Abstracts Lesvos 2013

Abstracts 7th HiSoN Summer School

Peter Bakker (Aarhus)
Distinct men's and women's languages

In all societies there are statistical differences between men’s and women’s speech, e.g. in the quantity of tags, interruptions, word choice, range of use of color terms. This course will deal with more extreme differences: distinct male and female languages reported from many parts of the world - most notably in Amazonia, some parts of Africa and Asia. In the course we will provide a global overview of this phenomenon. In some societies the differences between male and female speech are minimal, such as a single phoneme with different realizations, in other societies men and women have been reported to speak completely distinct languages. We will deal with where such gender-divided distinct languages emerged, what the range of differences are between male and female speech, when the separate varieties came about and, last but not least, why. Today we only have the results to go by. We will discuss the sociolinguistic histories that may have led to these rather unusual linguistically segregated speech communities.

Raymond Hickey (Duisberg-Essen)
Phonological typology in English

The sound system of English has changed very considerably in the course of some 1,500 years. It has moved away from an early type, similar to other Germanic languages of today, e.g. German, Dutch or Swedish. There may been periods of major change, e.g. in the Middle English period, and there have been times when prescriptive notions have played a role in the way English was pronounced (in the past few centuries). Furthermore, contact with other languages, both with forms of Celtic in the very early period as well as with Norse (the language of the Vikings) and with French (in different sub-varieties) has also determined the shape of the sound system. Nonetheless, the pronunciation of English shows a remarkable consistency throughout all this change. The common threads in the development and current forms of English are focus for this consideration of its phonology and these will help to show why the many varieties of the present-day language, in England and overseas, are all recognised as forms of the same language.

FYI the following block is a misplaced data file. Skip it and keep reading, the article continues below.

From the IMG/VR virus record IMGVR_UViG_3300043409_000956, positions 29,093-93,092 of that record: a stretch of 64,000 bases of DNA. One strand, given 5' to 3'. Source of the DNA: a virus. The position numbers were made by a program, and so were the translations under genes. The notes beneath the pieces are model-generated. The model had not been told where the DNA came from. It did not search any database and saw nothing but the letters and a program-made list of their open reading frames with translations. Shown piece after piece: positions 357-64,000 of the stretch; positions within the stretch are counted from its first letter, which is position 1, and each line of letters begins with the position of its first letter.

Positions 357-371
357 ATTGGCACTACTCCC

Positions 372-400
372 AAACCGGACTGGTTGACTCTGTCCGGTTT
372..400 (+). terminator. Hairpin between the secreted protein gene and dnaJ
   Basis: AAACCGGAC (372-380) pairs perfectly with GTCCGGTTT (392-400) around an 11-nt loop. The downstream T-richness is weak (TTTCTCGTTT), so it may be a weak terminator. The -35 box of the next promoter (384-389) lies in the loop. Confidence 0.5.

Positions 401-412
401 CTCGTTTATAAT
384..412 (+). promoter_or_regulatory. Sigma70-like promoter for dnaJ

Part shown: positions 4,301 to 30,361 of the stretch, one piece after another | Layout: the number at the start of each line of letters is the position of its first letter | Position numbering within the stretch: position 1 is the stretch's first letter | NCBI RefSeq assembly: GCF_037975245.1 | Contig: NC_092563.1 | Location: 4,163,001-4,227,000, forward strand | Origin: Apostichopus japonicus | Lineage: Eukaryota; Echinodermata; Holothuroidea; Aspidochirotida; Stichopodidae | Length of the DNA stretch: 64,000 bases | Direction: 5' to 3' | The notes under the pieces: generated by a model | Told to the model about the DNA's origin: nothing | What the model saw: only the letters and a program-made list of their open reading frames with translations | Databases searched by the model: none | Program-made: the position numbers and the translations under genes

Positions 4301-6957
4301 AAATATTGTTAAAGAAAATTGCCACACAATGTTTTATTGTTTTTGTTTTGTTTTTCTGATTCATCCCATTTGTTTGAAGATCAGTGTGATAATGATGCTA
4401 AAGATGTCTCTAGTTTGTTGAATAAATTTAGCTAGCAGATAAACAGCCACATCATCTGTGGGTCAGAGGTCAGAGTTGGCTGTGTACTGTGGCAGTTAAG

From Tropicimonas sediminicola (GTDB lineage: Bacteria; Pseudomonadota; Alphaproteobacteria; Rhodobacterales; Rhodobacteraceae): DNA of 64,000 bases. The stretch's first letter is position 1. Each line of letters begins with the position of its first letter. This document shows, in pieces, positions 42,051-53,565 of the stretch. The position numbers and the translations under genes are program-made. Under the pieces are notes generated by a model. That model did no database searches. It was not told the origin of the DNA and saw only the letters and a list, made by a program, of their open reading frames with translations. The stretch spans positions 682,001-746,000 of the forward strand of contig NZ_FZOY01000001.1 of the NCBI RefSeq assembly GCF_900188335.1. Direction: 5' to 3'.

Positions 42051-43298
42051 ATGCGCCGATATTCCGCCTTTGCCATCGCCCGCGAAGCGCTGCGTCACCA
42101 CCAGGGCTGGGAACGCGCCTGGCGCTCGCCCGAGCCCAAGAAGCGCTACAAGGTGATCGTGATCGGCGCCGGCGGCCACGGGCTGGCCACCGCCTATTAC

Gijsbert Rutten (Leiden)
Dutch in modern times

In this course, we will discuss the history of Dutch in modern times, focusing on the seventeenth and eighteenth centuries. Received opinion has it that written Dutch was standardized around 1650, while ongoing microselection rendered the language even more uniform in subsequent periods. Linguistic histories of Dutch, therefore, are a textbook example of the “tunnel vision version” of language history (cf. Trudgill & Watts 2002: 1). Such standard-oriented linguistic histories have been heavily criticized in recent years, and a change of perspective has been called for. This course will introduce the approach to language history “from below” and discuss its relationship to standardization studies. The history of Dutch will be used to demonstrate the approach. We will mainly discuss case studies carried out within the research project Letters as Loot. Throughout the course, we will focus on important methodological and theoretical issues in historical sociolinguistics, such as the concept of writing experience, social stratification, literacy rates and schooling, and the degree to which the written language may reveal the spoken language of the time.

Trudgill, Peter & Richard Watts. 2002. ‘Introduction: In the year 2525’. In Richard Watts & Peter Trudgill (eds.), Alternative histories of English. London: Routledge, 1-3.

Joseph Salmons (UW Madison)
Heritage languages in the US